The Experiences of Black and Hispanic Graduating Engineers: How Racial Salience, Immigration Status, and Relationships Matter

West, Moriah, Sociology - Graduate School of Arts and Sciences, University of Virginia
Roksa, Josipa

Much scholarship has been dedicated to understanding underrepresented minority (URM) students' experiences and outcomes within higher education, and especially within Science, Technology, Engineering, and Mathematics (STEM) fields. Black and Hispanic students are generally considered URM students. However, extant literature focuses almost exclusively on the experiences of students pursuing STEM degrees during college and rarely considers their experiences as they are on the cusp of transitioning into the labor market. Moreover, the literature often describes experiences of Black and Hispanic students as monolithic, rarely attending to how intersection with other identities shapes their experiences. Relying on 47 semi-structured interviews with Black and/or Hispanic engineers, this dissertation includes three stand-alone empirical chapters, which explore various questions related to unpacking the experiences of URM students in STEM. Specifically, chapters 2 and 3 consider how different types of intersectionality complicate current narratives of URM students’ experiences within engineering, while chapter 3 considers the job search experiences of URM engineers transitioning into the labor market, contributing to our limited knowledge of the processes involved in securing employment. Chapter 2 addresses the role of racial salience and gender in shaping Black and Hispanic students' experiences. Findings indicate that students exhibit varying degrees of racial salience, and that women tend to consider their race more salient than men, as well as their gender. Chapter 3 addresses the intersection between URM status and immigration status. The results indicate mostly similarities in non-immigrant and immigrant students’ sense of belonging in engineering, and important differences regarding their reasons for choosing to major in engineering. Both immigrant and non-immigrant Black and Hispanic students faced challenges regarding their sense of belonging, which primarily stemmed from their racial/ethnic underrepresentation in engineering spaces. In addition, immigrant students experienced unique challenges, such as a lack of feeling included culturally. Furthermore, non-immigrant and immigrant students had unique reasons for pursuing engineering. For non-immigrant students, their pursuit of engineering was shaped by individualistic passions, while for immigrant students, their pursuit of engineering was shaped by familial expectations and obligations. Chapter 4 addresses the role of social capital, or connections and relationships with others, in shaping students' job search process, and whether and how that might vary across different institutions. The results indicate that students leveraged job-relevant social capital in multifaceted ways, including via their personal relationships, social capital that was embedded in career services and identity- based organizations. Moreover, they leveraged online resources more broadly, and specifically the social capital that was generated from platforms, such as LinkedIn. In addition, the results revealed that there were no meaningful differences in social capital usage across institutions. Altogether, these findings underscore the importance for understanding how URM status intersects with other identities to shape students' experiences in dynamic ways, and understanding students' experiences and relationships with others not only during college, but as they transition into the labor market and search for jobs, as well.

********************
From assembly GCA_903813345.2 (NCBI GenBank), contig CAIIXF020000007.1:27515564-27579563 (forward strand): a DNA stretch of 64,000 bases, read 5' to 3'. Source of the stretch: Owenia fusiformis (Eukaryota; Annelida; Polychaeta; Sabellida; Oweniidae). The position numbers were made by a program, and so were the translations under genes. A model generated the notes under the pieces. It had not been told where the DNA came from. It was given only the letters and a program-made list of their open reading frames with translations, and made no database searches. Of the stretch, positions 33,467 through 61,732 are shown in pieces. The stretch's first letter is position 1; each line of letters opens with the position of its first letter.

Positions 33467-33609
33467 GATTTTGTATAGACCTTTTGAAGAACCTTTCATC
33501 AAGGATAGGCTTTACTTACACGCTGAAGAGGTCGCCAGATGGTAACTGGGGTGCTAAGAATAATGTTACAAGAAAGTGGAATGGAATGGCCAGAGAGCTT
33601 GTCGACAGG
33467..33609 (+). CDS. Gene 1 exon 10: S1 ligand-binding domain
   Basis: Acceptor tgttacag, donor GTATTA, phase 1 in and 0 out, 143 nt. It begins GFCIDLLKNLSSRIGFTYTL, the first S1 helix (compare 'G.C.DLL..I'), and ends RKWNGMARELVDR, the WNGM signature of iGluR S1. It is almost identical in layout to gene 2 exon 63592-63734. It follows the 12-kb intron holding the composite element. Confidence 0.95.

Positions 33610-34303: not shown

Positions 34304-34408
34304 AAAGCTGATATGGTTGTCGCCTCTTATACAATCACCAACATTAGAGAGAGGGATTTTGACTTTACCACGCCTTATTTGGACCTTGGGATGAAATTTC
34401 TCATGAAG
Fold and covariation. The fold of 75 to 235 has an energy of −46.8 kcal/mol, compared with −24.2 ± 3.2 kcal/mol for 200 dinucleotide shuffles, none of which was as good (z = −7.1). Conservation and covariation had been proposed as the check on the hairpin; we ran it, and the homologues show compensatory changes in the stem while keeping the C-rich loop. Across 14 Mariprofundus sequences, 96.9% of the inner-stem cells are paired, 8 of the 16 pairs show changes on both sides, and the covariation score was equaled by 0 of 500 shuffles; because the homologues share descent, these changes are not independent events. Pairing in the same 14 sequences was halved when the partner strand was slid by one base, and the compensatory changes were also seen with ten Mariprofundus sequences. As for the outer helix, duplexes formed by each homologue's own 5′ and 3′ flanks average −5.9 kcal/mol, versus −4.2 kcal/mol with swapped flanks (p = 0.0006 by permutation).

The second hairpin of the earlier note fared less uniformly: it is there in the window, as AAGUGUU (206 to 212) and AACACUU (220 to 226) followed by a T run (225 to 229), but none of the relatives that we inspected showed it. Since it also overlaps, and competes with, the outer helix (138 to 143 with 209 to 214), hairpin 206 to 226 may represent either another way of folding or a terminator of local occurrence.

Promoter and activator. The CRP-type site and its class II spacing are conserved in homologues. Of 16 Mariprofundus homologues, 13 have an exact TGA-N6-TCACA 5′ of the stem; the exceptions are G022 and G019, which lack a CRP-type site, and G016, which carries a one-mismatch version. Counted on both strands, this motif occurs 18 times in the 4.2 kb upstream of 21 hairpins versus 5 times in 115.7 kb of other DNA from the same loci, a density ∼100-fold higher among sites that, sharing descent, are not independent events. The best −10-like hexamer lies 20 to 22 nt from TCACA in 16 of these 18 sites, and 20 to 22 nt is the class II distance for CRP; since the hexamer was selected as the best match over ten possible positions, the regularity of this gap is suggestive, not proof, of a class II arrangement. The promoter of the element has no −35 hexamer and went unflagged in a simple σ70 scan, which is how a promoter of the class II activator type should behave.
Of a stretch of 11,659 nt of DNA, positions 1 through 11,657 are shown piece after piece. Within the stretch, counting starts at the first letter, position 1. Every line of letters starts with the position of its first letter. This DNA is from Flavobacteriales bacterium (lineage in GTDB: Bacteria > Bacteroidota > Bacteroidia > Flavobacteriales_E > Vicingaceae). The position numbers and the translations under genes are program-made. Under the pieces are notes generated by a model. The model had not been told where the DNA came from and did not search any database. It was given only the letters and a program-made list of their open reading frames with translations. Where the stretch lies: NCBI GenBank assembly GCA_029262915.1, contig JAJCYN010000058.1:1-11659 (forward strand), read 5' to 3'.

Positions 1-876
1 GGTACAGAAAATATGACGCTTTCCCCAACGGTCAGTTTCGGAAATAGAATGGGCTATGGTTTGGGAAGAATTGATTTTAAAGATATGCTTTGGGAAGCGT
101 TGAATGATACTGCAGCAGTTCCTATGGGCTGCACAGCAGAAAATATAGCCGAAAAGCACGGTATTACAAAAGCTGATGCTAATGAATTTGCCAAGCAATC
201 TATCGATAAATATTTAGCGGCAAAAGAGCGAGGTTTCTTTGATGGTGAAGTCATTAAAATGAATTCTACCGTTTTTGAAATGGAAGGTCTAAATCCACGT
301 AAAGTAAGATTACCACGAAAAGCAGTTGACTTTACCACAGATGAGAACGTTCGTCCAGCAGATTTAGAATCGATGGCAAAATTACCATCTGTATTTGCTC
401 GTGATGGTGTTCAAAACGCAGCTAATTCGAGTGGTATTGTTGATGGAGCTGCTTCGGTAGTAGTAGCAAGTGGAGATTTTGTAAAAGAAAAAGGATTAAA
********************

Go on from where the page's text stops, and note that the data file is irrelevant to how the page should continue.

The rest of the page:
PHD (Doctor of Philosophy)
Race and Ethnicity , Social Capital, Job Search Process, Engineering
All rights reserved (no additional license for public reuse)
Issued Date: